"It really depends on how the teacher is teaching as to whether it's important, but what I often tell my students is if architecture or aviation or engineering was taught the way jazz was taught there would be planes and buildings falling out of the sky. They'd just be crumbling everywhere, because the jazz version of (teaching) architecture is, 'Sure the Greeks had something important, sure the Egyptians developed certain structural things but we don't need to study it because it's not current. We're going to start around 1970'--and I don't have to tell you the end conclusion to that."

"I was lousy when I started, which the records bear out," Marsalis says. "But when I had the privilege of meeting people like Art Blakey and he would say to me, 'You don't have enough sound' and Dizzie Gillespie would say 'You need to learn the blues,' I didn't just say, 'Oh, they're just jealous because they're old.'

"I didn't make up an excuse to dismiss the central theme of what they were saying--which is something that was popular among my generation, to ignore those guys.

"A lot of musicians were more interested in getting gigs than they were in becoming competent and really good at what they do."

I go back and forth on my thoughts About his views on education and contemporary jazz. I see a point in what he's saying (particularly on the over emphasis of the solo and the importance of ensemble playing), however, as Bill Harrison wrote, there are times when Branford bugs me.

Friday, June 19, 2009

Bands and Brands

Recently, I've been reading Songs for Soap, a blog fron Advertising Age. Two recent posts caught my attention, both of which I believe have the same (in one case, tacit) message. The first post is by a marketer and gives a glimpse into what marketing people think of the music industry:

People can sift through a site like HypeMachine and read, engage, and comment on their favorite and possibly-favorite artists, all while listening to their entire album (plus remixes). How often do those links to Amazon and iTunes go un-clicked? The enormous ocean of music, sorting through what you do like, don't like, and may-very-well-like-but-haven't-heard-yet is a Herculean task. Once a user finds something they like, they can search for it on a site like Qloud or GrooveShark and stream it instantly. Repeatedly.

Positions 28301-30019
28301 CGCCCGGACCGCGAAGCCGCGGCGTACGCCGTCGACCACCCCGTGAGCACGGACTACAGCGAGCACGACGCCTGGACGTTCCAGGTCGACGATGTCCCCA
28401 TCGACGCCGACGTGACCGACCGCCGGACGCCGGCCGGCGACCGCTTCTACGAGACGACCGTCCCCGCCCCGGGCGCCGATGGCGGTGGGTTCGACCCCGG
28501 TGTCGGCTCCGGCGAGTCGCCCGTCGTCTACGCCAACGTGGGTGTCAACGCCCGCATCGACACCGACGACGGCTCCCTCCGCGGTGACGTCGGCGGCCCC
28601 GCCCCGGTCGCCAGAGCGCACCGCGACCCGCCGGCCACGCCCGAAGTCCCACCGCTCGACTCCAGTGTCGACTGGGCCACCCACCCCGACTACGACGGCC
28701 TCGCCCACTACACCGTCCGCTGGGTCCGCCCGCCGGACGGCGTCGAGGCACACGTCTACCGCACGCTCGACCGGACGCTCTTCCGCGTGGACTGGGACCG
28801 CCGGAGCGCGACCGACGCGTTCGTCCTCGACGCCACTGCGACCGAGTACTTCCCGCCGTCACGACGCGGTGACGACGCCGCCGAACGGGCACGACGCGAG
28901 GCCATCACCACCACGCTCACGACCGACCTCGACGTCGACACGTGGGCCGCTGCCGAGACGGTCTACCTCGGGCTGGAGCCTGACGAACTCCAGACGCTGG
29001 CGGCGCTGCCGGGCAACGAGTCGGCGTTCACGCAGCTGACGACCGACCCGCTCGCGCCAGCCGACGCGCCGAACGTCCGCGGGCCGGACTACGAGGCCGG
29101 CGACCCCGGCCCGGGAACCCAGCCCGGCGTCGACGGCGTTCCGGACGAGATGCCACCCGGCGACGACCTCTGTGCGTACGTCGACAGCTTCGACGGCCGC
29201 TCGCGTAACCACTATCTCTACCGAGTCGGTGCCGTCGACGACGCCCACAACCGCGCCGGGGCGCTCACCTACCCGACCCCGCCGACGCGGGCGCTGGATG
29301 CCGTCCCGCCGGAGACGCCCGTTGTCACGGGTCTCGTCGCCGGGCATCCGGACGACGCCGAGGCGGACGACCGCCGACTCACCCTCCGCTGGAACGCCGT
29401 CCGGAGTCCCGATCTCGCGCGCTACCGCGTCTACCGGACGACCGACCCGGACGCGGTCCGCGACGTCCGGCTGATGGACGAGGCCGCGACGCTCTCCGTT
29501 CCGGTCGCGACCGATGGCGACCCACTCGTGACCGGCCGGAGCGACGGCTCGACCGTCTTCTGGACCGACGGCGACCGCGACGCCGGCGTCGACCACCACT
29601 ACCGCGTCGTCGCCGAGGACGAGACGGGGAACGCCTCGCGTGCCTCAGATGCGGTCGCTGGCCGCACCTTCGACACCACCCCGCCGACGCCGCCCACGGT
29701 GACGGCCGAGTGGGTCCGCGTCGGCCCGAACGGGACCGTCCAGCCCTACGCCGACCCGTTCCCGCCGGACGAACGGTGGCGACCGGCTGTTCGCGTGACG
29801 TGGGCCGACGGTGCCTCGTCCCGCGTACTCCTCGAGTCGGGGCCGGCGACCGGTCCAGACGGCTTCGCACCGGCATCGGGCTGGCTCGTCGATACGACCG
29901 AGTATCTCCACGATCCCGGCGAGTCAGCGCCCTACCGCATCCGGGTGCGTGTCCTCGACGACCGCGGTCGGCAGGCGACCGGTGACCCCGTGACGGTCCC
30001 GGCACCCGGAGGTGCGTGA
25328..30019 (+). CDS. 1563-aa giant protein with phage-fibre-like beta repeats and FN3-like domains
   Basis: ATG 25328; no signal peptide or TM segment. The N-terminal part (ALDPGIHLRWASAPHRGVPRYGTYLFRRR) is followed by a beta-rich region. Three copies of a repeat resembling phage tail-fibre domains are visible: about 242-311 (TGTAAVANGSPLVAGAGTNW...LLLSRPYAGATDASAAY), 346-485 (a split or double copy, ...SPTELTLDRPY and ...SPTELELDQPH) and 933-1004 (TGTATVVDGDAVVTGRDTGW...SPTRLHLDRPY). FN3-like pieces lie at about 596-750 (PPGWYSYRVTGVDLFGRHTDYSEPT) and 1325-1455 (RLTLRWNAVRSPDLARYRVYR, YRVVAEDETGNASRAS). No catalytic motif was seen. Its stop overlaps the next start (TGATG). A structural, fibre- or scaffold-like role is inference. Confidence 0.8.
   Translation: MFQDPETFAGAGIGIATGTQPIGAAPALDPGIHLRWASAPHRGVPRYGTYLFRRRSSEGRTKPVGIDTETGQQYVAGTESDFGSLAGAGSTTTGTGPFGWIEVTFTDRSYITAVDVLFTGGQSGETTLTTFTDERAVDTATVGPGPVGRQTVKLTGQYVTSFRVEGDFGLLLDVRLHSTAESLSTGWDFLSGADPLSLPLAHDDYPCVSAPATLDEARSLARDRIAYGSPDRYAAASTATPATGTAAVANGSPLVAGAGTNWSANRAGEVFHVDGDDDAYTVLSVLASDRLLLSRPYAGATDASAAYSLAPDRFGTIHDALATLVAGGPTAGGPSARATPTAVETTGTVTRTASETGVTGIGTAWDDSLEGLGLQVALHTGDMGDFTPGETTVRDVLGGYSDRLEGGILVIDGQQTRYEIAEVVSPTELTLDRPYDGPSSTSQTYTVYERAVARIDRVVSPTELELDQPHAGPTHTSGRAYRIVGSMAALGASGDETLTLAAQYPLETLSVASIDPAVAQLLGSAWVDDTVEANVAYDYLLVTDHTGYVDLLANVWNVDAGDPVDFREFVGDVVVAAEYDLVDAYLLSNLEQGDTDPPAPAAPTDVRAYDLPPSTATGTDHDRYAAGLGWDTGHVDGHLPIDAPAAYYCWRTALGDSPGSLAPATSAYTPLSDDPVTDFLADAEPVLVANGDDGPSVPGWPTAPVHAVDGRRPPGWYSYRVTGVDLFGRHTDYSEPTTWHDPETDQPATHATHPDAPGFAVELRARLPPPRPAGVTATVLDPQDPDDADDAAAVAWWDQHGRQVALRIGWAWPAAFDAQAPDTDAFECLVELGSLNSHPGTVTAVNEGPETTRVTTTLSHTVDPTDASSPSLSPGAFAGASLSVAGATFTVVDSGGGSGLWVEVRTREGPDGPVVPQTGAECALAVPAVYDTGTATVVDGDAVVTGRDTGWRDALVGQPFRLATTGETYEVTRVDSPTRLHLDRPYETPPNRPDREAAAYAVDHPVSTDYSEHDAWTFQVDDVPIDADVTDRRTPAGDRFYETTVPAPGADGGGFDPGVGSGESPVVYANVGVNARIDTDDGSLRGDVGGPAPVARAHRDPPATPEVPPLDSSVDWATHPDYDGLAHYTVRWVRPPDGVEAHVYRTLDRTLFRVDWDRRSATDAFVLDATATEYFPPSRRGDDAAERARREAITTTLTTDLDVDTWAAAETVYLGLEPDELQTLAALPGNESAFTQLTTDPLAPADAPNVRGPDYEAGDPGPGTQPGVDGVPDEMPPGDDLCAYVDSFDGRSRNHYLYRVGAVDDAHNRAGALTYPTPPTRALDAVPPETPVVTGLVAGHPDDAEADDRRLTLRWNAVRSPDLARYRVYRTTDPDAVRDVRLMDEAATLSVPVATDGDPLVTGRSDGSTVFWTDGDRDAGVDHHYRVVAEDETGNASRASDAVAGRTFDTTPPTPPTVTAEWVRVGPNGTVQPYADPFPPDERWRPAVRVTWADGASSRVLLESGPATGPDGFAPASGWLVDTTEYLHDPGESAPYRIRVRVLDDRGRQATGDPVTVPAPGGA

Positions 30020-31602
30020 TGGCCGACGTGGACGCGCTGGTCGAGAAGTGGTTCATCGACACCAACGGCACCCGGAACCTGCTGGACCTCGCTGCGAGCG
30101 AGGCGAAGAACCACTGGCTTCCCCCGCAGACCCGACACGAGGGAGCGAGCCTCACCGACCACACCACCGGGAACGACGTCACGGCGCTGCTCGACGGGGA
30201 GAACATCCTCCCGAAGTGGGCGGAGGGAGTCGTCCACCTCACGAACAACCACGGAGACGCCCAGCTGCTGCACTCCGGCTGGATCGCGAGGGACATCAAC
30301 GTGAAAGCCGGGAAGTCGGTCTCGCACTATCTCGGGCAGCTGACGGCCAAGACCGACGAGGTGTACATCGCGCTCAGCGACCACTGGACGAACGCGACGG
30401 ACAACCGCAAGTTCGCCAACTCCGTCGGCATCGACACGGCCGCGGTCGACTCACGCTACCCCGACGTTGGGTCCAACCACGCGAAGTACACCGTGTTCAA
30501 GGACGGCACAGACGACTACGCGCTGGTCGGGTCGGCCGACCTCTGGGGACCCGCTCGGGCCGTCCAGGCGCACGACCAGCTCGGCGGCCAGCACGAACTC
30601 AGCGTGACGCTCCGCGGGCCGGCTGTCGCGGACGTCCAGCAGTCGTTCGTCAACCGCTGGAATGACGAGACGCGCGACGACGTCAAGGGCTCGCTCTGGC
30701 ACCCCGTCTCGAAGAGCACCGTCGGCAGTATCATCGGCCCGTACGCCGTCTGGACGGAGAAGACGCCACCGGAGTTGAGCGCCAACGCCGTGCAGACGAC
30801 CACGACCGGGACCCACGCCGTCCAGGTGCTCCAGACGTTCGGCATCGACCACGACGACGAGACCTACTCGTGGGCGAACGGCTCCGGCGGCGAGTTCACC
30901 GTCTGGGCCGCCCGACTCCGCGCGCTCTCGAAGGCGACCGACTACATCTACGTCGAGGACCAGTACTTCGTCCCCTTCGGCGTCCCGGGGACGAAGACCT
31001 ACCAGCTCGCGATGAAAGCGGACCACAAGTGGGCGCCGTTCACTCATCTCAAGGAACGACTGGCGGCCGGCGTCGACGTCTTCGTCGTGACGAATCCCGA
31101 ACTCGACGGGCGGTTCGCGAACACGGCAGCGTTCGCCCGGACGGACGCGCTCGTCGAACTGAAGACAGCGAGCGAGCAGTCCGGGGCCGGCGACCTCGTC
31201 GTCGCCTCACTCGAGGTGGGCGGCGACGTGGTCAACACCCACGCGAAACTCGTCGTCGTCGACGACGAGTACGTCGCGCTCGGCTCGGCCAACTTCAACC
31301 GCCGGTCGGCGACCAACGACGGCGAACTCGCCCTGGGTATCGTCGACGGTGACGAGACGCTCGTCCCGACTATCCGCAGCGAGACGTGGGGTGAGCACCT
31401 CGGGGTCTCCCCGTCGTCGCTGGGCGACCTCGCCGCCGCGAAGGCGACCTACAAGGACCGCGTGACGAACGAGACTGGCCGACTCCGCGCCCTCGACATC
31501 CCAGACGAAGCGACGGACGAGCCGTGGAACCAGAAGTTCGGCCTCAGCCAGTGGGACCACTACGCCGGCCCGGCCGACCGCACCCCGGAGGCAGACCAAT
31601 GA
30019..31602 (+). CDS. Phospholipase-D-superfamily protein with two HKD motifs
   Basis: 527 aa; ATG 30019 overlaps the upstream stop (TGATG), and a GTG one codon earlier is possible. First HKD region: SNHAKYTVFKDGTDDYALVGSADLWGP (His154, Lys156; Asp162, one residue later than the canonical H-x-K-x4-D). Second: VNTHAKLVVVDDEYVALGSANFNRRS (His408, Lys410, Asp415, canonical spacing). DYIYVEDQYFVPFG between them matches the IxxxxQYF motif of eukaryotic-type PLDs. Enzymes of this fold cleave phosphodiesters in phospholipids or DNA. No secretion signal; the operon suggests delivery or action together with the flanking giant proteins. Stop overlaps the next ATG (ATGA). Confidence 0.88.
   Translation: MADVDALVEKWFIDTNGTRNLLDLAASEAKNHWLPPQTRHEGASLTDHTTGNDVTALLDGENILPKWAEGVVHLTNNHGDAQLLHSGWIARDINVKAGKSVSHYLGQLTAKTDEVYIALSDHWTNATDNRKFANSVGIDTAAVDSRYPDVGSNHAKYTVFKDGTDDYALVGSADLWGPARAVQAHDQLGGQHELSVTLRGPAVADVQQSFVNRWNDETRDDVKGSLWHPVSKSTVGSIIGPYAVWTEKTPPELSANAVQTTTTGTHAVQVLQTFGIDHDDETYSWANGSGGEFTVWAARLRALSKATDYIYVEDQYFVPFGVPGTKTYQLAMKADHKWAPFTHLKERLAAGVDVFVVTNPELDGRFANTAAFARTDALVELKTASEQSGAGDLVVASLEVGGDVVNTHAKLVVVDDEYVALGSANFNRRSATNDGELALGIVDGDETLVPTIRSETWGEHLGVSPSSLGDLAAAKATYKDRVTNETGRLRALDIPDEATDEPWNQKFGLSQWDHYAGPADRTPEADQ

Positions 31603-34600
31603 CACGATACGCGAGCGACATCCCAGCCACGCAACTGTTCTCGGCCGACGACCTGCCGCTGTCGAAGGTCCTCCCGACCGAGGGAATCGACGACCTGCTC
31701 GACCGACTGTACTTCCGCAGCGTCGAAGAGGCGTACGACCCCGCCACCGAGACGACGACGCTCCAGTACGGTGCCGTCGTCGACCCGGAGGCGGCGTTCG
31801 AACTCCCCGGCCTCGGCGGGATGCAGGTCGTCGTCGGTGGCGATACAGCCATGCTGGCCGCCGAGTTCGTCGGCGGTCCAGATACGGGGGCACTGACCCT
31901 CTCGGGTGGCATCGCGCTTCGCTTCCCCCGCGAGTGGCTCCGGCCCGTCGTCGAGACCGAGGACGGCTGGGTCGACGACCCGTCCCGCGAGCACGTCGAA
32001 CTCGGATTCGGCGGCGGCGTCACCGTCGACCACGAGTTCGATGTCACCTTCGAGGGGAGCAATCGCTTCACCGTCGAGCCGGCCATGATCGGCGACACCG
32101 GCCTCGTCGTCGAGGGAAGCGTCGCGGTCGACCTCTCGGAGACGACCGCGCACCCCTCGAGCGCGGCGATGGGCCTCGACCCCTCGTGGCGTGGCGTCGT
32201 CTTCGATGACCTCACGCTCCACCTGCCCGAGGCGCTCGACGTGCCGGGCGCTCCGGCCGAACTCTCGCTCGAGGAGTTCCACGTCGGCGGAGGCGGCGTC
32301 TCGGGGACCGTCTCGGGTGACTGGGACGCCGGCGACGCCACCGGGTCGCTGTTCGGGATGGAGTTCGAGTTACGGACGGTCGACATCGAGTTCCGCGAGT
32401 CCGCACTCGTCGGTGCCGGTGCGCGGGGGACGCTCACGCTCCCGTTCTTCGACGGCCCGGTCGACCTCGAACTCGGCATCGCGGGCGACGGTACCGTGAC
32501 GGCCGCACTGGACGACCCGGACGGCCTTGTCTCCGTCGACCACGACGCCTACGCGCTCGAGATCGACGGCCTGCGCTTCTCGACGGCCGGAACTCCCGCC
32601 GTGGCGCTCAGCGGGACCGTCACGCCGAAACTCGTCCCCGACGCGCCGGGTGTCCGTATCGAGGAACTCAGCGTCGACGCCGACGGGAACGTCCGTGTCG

Indeed, the current process of discovering music has replaced the need to acquire music. Certainly, there are those remote corners of your life, like camping or swimming, where the internet determinstic argument falls down, but even those areas of our lives are being constantly opened up by new devices and infrastructures. The car has already fallen under the constant "just give it time" umbrella.

Music is sort of like a municipality, like water from a faucet: free, of acceptable quality. If you want a more savory experience, there is always the bottled variety. In fact, this paradigm shift is already behind us.

Given this ocean of music, the second post suggests where a musician's focus should be in terms of getting involved/included in marketing and advertising:

...they consistently ask the same question during or after these panels: "How do I get you and your brand clients and agency clients to choose my song or my band for your next major ad campaign?"